and slowly die inside.
I am a self destructive perfectionist. It doesn’t matter how hard I tried or if it’s any good, it’s always going to be crap. It will never be perfect. I froze when writing my thesis because it felt like anything I did would be crap; so it was better if I did nothing. I use write a column, and then stopped because I couldn’t take the stress of making errors. I couldn’t deal with other people seeing my errors. I often freeze at my job because I just can’t let myself fail. It feels like impending doom. I should get it right on the first try because it has to be perfect.
I was so frozen, that it would take me over two hours to write a short email. Writing an email could be a whole day project. Even weeks, because I’d put it off because the email would never be good enough.
If life was a videogame self destructive perfectionism is like that boss fight where one shot from the boss kills you. It’s stressful, so instead of trying, I avoid it. I stopped writing, I stopped making, because I couldn’t deal with the failure.
This logic is flawed.
One of the reasons I started writing under another name was to give myself permission to fail. Not Bad for a Robot is allowed to make mistakes. In real life, I have never allowed myself to fail. Every failure, and perceived failure felt like disaster. It wasn’t that there was a grammatical error, I used the wrong ‘there’ or forgot an article, I was a horrible person and that’s why I made those errors.
As a teacher I constantly re-assure students that failure is expected. That it’s okay. It’s part of the process. But I have so much difficultly failing.
How does this happen?
Part of it is that no matter what I did, I was always terrible. If it was my first attempt I’d get anxious because I needed to be at an expert level on the first try. People would tease me if I did things wrong. Or say condescending things like “we know how hard this is for you.” I remember sending articles I had recently published in a real magazine, and immediately my family wouldn’t comment on the content but say “oh, you spelt this wrong.”
I’d show my art work and someone would say ‘Oh but you should have hung the work like this.” “It would be better if you did that.” “I didn’t like that you used this filter.”
My thesis was “You are a terrible writer.” I ask what I did wrong. “You can’t fix it, you are simply terrible, that’s just how you write.”
The examples are endless.
It’s those comments. I never really got the positive feedback. It was always the bad pointed out. So you stop seeing the good, because it’s never acknowledged.
Now when people tell me positives about my work, I basically stare at the blankly because I see all the flaws. I see what I could have done better. I can’t believe the good. One of my exs thought they could solve this problem by complimenting me all the time, and all it did was make me feel worse. I thought they were lying and trying to put even more expectations on me.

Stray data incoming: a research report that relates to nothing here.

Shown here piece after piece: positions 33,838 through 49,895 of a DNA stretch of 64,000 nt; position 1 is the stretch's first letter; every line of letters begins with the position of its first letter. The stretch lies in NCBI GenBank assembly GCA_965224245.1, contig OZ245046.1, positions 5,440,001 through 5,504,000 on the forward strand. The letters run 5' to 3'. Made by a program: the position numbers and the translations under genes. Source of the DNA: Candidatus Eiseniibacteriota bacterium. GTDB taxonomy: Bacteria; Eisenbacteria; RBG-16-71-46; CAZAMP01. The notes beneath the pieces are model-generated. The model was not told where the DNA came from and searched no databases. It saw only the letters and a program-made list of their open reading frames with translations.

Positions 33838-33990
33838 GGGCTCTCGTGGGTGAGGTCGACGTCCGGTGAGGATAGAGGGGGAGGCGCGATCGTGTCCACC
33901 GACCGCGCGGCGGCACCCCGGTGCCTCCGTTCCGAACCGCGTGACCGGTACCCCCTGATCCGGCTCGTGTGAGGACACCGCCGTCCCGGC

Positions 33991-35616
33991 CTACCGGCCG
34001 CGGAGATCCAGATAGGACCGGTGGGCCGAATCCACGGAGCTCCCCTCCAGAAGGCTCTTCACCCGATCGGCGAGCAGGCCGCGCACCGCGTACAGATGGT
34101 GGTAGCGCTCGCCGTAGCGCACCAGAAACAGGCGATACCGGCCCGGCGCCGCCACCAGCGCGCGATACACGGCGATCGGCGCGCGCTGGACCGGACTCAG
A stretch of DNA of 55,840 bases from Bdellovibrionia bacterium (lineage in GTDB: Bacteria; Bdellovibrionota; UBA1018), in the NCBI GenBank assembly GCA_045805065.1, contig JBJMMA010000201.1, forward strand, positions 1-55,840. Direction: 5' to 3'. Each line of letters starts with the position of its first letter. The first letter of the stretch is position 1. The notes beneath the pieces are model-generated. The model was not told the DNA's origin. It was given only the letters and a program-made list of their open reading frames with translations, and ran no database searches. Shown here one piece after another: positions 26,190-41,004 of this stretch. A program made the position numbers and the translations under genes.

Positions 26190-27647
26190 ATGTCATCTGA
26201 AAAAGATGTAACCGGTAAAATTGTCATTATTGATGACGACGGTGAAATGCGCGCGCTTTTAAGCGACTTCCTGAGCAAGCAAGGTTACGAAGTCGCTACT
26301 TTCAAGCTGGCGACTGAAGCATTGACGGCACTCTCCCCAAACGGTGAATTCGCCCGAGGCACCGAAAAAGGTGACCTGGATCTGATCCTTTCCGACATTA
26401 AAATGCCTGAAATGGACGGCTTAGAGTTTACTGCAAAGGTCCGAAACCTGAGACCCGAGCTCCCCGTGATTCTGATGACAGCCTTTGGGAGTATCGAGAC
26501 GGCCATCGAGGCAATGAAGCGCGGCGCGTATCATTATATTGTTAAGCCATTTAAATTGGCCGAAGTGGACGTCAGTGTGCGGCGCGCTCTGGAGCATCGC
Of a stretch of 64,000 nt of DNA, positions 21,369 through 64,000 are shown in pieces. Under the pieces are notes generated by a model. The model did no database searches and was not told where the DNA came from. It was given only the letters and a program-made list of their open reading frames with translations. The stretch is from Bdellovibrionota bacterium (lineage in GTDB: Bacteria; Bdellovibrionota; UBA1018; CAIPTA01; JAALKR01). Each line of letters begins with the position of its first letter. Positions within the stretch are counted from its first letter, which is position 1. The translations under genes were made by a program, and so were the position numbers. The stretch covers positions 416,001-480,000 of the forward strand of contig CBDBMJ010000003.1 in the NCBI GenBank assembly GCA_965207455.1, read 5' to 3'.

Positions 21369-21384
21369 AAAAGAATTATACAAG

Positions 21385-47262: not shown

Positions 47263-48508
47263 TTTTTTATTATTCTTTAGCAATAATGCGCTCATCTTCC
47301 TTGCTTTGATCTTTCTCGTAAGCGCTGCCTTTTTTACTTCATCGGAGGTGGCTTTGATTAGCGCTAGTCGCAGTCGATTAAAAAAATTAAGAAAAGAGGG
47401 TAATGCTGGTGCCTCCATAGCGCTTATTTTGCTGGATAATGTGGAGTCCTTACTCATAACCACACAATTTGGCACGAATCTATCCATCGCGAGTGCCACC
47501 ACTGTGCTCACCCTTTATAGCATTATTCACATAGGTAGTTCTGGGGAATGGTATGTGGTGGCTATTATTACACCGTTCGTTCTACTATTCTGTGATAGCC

Now what do you do about it?
It’s like exposure therapy. To write, I started writing under another name. I as I said, I’m okay with Not bad for a Robot making mistakes.
Compliments are really hard. I’ve put it on an auto reply where I say ‘Thank you.” and then I try not to think about it. I found that compliments with evidence are easier to accept. e.g There’s a pile of bricks stacked and some one says “You did a lot of work.” and there’s physical evidence that a lot was done. So it must be true.
I’m using evidence in the gym. I’ll be running and I’ll say “Now do 10 seconds more, Now another 10, see you did that 20, let’s see if you can 30. See you didn’t think you could do another, but you did it. etc See you did it, you ran for 5 minutes. You went further than you though you could”
This is easier for me to accept than “You are great!” “You are a fitness master!”
It’s small enough that I can accept that it’s true. I did run that 5 minutes. I did that.
What I am doing is taking that kind of thinking and transferring it to other skills.
I’m scared of working on a new art work.
I asked myself to write down ideas. I gave myself an amount of time to tolerate (distress tolerance skills!) the fear of failure. I found I quickly worked for an hour even though I said I’d only try working for a minute.
I also re-labeled the art work as a prototype and an experiment because those things are allowed to be failures. Art isn’t suppose to fail.
I tell myself: It’s okay to fail. It’s okay to make mistakes. It doesn’t have to be perfect, it just needs to get done. If you make a mistake, be accountable and responsible and it will be okay.
If I assure myself enough, maybe I can re-program my brain to believe it.
It’s a battle, but I’m slowly getting things done.